Beamish’s choreography is highly gestural but more metaphorical than literal. Hands dominate the movement: palms press against each other in an upside-down prayer behind dancer’s backs, Giselle places her hand repeatedly to her left hip, fingers bisect palms, and those palms carve around cheekbones and foreheads.
The choreography is inundated with constant vocabulary, stuffed almost to the brim so that when a dancer does extend a limb, the wideness of their extension is like a breath of fresh air.
It has the look of a quick conversation, reverberating from bodies in run-on sentences. Perhaps another comment on our society’s constant need for communication?
Solos were the most interesting while pas de deux and group work (which didn’t appear until Act 2) lacked the same intricacy and could have benefited from more unique patterns.
A star-studded cast graced the stage including Betsy McBride (Soloist from ABT) as Giselle, Harrison James (Principal with The National Ballet of Canada) as Albrecht/Loys, Sterling Baca (Principal dancer from Philadelphia Ballet) as Hilarion, Fangqi Li, (Corps de Ballet with ABT) as Bathilde, and Beverley Bagg (former Principal with the PACT Ballet Company in South Africa) as Berthe.
McBride has an expressive face which worked well both for Giselle’s naïveté and the famous mad scene which in this case took place as a “live video” broadcast on The Village for millions of viewers after Loys ghosted her. Her hair fell from her bun, fanning out wildly with every angry toss of her arms – in the original she seemed to go mad while in this version she became angry, agitating her heart condition.
James’ lines were pristine, hitting every shape with clarity, and with added athleticism especially highlighted in the demanding, repeated entrechat six in Act 2 (a direct callout to the original).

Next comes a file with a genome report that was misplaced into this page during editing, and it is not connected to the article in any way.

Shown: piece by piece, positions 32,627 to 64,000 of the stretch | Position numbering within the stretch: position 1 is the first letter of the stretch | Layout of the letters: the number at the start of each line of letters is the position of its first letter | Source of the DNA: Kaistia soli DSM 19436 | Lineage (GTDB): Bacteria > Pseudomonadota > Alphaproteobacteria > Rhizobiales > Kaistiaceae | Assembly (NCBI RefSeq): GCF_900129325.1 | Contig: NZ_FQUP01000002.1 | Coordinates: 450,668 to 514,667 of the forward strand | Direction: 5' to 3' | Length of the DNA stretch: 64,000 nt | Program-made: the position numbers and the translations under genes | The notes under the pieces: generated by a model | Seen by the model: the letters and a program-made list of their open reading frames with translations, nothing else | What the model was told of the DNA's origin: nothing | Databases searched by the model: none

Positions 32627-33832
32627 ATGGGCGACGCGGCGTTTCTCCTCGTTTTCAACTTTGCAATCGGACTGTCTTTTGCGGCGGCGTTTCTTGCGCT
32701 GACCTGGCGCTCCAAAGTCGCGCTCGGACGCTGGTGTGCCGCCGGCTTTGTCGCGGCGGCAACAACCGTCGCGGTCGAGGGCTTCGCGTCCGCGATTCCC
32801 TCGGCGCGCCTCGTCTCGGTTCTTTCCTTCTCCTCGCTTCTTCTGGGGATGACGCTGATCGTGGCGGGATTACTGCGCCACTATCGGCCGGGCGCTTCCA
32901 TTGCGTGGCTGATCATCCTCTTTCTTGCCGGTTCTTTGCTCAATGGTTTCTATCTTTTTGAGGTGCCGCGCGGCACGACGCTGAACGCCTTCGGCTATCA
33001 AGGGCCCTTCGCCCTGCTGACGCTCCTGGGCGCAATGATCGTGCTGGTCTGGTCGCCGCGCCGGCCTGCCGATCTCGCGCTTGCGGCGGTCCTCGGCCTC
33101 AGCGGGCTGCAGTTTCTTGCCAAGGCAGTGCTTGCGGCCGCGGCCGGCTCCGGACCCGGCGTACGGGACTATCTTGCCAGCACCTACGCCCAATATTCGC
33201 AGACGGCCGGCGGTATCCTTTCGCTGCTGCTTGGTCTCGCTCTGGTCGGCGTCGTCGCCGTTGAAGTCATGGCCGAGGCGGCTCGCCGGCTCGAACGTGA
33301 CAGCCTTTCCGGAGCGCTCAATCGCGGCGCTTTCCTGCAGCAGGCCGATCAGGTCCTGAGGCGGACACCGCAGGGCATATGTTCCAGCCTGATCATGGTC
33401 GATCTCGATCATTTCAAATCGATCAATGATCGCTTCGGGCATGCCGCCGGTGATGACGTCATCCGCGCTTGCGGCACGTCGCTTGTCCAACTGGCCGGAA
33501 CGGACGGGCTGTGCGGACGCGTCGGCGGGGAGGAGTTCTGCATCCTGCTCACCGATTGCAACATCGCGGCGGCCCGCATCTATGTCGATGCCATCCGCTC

Baca is an intense Hilarion with powerful technique and acting skills and Li is a regal Bathilde. Bagg has a lovely port de bras which held the choreography beautifully.
It’s no secret that social media and cyberbullying have been the causes of devastating events for young people. Giselle’s live video feed of her downward spiral is a megaphone moment, millions of viewers watch her descend, ultimately to her death, and do nothing but watch.
In many ways it’s similar to the original ballet, where the townsfolk watch her madness grow in person, only offering empty gestures and furrowed brows.
For all the laughs that Act 1 brought, it also delivered a dose of the reality of our desensitized culture.
The same cleverness of Act 1 unfortunately didn’t carry into Act 2 but it makes sense why – ghosts can’t use social media.
But beyond that, the story gets a little fuzzy: there are seductive spirits dancing in a lounge but it’s unclear what exactly their role is and Albrecht dances with a digital projection longer than he does with the actual Giselle.
The end is also a bit too buttoned up; instead of letting Albrecht’s guilt rest on the stage, we get a pas de deux with Bathilde and then Berthe re-enters to have a moment, almost overshadowing the heartbreak.
Beamish’s concept is good and there are many wins here: the first act is understandable for any level of ballet familiarity – he brought humor to a sorrowful tale, and made the nearly 200-year-old story accessible.
If young people can go to the ballet and feel like saying “it me”, then that is something worth exploring.
Featured Photo for this Joshua Beamish @giselle review of Betsy McBride as the title character. Photo by Nina Wurtzel.